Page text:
For Michael Haas, tikkun olam started at home. And it started early.

“Tikkun olam has always been a focus and part of my life,” Haas said. 

“Giving back to the community and tzedakah was an integral part of my household growing up. My parents (Bill and Shirley Haas) were very involved with their synagogue and what was then Agnon School. So, I got to see firsthand the importance of being involved in the community and impact that it can have.”

Haas said he also saw the efforts of people like Bobby Goldberg and Peter Rzepka and the impact they had on the school and in the community.

Haas shared the impact his grandfather, Edward Haas, had on him. He left Vienna in 1939 after being arrested and coming to the United States with nothing.

“I think his story about the need to help Jews was inspiring to me and has played a role in what I do today,” said Haas, who earned a political science degree from Syracuse University and then a law degree from Cleveland-Marshall College of Law. 

“I heard a story that really inspired me. I don’t know if it’s one of those stories that is more lore than reality, but when the Yom Kippur War broke out, I was told that the Cleveland Jewish community had an emergency meeting and the entire community gathered together, including the Mandels and others who stepped up in such a significant way, and said to everyone in the room, ‘We need to do what we need to do’ to help Israel.’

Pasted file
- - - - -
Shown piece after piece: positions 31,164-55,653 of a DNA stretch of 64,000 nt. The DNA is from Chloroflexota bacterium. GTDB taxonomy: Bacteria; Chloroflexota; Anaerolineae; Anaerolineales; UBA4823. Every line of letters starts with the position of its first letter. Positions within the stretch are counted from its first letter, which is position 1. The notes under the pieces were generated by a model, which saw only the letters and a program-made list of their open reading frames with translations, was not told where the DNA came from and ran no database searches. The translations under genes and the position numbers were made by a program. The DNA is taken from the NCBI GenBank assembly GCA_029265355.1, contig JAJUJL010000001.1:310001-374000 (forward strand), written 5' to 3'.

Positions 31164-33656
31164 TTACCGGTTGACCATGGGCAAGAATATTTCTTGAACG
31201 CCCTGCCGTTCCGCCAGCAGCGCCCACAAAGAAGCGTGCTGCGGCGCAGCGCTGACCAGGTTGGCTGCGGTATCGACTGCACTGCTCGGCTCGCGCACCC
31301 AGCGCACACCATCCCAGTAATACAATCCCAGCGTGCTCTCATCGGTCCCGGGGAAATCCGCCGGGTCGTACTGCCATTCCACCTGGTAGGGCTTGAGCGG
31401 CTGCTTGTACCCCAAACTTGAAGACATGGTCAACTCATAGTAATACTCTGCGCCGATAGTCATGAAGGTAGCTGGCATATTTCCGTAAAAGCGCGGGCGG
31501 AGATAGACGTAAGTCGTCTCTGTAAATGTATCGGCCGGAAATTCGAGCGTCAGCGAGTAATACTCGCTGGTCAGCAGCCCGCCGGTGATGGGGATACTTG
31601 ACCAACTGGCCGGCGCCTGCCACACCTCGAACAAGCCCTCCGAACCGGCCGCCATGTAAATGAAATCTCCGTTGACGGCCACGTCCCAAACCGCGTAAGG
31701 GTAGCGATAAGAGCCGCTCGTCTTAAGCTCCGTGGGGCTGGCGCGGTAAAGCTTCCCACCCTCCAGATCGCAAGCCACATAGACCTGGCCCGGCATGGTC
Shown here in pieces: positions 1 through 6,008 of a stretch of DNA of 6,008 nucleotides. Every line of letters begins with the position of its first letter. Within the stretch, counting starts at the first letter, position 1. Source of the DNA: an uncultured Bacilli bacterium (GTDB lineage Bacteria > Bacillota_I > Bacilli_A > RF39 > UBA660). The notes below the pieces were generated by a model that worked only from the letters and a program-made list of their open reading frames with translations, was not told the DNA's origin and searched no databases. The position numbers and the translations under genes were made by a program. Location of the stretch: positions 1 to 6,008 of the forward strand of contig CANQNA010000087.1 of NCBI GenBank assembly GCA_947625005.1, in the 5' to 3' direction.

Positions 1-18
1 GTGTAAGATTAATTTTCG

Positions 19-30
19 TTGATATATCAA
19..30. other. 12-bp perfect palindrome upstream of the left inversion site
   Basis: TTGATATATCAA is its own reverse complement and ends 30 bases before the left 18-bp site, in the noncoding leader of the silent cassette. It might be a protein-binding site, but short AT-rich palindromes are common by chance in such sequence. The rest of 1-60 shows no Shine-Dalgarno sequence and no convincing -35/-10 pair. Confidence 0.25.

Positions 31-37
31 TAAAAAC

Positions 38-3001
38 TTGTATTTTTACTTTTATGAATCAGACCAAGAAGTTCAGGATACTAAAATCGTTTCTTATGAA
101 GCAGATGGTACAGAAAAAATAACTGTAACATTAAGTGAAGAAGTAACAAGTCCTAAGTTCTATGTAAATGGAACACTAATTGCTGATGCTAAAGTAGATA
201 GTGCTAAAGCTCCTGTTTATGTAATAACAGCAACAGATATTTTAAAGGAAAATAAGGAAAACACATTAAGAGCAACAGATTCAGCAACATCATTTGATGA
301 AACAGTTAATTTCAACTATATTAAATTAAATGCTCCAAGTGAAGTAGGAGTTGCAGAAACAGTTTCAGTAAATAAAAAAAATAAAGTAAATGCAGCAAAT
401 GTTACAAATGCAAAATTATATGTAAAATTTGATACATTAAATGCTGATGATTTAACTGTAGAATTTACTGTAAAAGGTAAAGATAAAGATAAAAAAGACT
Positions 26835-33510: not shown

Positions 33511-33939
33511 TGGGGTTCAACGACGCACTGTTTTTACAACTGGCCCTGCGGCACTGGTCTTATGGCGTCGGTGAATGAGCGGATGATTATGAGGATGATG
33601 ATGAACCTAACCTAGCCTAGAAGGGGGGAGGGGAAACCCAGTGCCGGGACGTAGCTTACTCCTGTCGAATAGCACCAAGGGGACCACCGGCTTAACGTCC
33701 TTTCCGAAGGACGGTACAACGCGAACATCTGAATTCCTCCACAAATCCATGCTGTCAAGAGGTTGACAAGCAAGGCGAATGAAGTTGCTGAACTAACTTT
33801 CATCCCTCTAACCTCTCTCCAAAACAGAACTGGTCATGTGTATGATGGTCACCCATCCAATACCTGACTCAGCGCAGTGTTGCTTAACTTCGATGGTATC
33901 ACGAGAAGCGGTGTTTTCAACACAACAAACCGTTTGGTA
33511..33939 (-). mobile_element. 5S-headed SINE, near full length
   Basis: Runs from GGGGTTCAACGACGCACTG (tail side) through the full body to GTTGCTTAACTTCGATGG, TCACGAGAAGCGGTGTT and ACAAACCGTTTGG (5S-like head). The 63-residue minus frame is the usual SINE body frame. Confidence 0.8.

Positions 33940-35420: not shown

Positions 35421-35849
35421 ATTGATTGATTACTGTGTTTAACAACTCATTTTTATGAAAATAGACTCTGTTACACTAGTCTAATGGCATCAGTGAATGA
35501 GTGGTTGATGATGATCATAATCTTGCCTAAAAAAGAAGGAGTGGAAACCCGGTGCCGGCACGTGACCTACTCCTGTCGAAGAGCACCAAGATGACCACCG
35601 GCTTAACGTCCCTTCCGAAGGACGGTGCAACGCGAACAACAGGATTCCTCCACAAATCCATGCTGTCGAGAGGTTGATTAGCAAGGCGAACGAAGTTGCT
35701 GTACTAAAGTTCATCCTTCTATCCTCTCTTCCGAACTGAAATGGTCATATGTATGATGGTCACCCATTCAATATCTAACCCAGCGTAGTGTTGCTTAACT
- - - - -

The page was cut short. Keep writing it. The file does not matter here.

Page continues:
“The irony, of course, is that years later, “I would have a chance to see that same level of commitment at the Mandel Day School.  I just kept thinking about the community. If the bell rang again, I wanted to be there to help our community – not only locally but wherever there was a need. My grandfather’s experience and my early exposure to Jewish education, and the impact it can have on our children, have guided me in terms of my level of involvement. My Jewish education and attendance at Jewish day school have had a significant impact in my life.”

So much of an impact that decades later, Haas returned to the school to lead Agnon School as board president during a transitional period when it received a $17,050,000 gift from the Joseph and Florence Mandel Family Foundation.

– Bob Jacob

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